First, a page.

Category Archives: Gardening

Three days of freeze

To be more accurate, that should be three nights of freeze, but it comes down to the same thing: we will be dipping down into hard freeze temperatures for more than a few hours come the first few nights of the new year.

It's gonna be cold out there, baby!

Altogether, that isn’t terrible, and certainly nothing compared to the tales that could be told by people in other parts of the country or world. But I don’t live there, I live here, and after almost a week of temps in the 70s (over 80 one day), the crazy nature of Florida weather once again rears its head for a reminder that there are actual seasons, even if we don’t see them all that much.

It’s that crazy nature that has the milder temp things popping up all over the place in my frames. Last year’s garlic was wiped out by the nonstop rains of a tropical storm, but this year’s garlic is motoring along with nothing more than an initial watering after planting and the occasional rain we’ve had – including the strong line of storms that moved through late last night as a precursor to the coming cold snap.

Garlic shoots

The strawberries are a bit off their schedule, too, with multiple plants flowering and putting out berries. They are everbearing plants, but this isn’t exactly the sort of thing we’d expected from them. And yesterday, we pulled the first pod from the snow pea trellis.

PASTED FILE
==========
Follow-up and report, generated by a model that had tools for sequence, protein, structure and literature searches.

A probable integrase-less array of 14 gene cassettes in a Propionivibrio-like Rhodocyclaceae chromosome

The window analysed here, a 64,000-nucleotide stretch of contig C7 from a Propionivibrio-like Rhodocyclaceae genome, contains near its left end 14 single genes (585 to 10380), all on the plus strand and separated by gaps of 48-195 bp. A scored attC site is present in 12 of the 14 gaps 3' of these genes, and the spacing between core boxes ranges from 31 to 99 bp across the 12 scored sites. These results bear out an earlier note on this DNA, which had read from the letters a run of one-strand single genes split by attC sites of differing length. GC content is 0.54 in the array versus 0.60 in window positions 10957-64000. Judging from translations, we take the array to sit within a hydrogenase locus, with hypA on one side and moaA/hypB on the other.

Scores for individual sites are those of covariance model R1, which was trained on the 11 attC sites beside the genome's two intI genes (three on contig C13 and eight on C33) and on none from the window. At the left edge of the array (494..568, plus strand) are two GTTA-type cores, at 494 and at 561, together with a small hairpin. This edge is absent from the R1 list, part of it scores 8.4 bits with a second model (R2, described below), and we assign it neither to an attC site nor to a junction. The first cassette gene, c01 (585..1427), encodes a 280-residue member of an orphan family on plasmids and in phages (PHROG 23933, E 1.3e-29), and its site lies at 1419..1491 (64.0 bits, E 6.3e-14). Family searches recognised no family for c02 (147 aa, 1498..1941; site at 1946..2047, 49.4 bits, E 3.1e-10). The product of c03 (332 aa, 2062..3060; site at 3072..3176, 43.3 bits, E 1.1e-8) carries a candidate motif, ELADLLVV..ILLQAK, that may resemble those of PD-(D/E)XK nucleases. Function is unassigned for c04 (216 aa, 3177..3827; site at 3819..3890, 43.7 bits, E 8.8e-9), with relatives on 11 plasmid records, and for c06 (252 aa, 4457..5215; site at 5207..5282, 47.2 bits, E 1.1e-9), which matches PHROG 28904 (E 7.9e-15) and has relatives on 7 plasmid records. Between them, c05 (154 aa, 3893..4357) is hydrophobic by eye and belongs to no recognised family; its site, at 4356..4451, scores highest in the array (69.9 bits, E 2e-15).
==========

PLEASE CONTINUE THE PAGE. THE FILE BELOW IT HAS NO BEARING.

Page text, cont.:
Snow pea pods

Mom judged the first one quite sweet, but alas, it didn’t taste like much of anything to me other than green. The smell, though, was fabulous: there is nothing quite like the fresh, earthy smell of something you’ve just pulled from the vine.

Tomorrow will be a test for me, to determine how best to cover the entire fenced area for the overnight hours. Some of the plants would survive a nuclear attack – thyme, I’m talking to you – but overall, I’d like to give all of the plants every opportunity to make it through the cold stretch and back into the more normal mild weather we usually enjoy down here.

Going green

In more ways than one. Followers of this homesteading saga probably recall that our soil, such as it is, mostly contains clay and on this lot in particular, sand. The sand is predominantly the result of this house being built after others were built; it was used as a dump site for fill dirt, excavated sand, and it’s rather remarkable the trash that continues to wash up as we receive rain here and there.

The problem with this of course is that beyond the scrub, the hardier weeds, and saw palmettos, which seem to thrive no matter what, it’s difficult to coax anything else from the ground. The guajillos loved it, the thyme I’d probably only be able to kill by setting it afire given its hardy nature, and the cowpeas (black eyed peas to those of you not from around here) were fine as well. The tomatoes couldn’t do much of anything, the bell peppers tried valiantly but only mustered two, and most of the seedlings just couldn’t hack it.

Getting grass to grow also proved to be a huge challenge: with nothing nutritious in the sand and the hardpack of the clay/sand combination making it virtually impossible for grass seed to take hold, it almost seemed that it would take many, many loads of topsoil for us to do anything with the barren front of the property. I’d rather spend the money for the topsoil to be put in the areas where we’ll be growing more productive things, really: four of the five loads we had trucked in went to the back, not only to give us something more to work with, but also, like the one load that went up front, to level out some of the hollow areas in order to give us better drainage.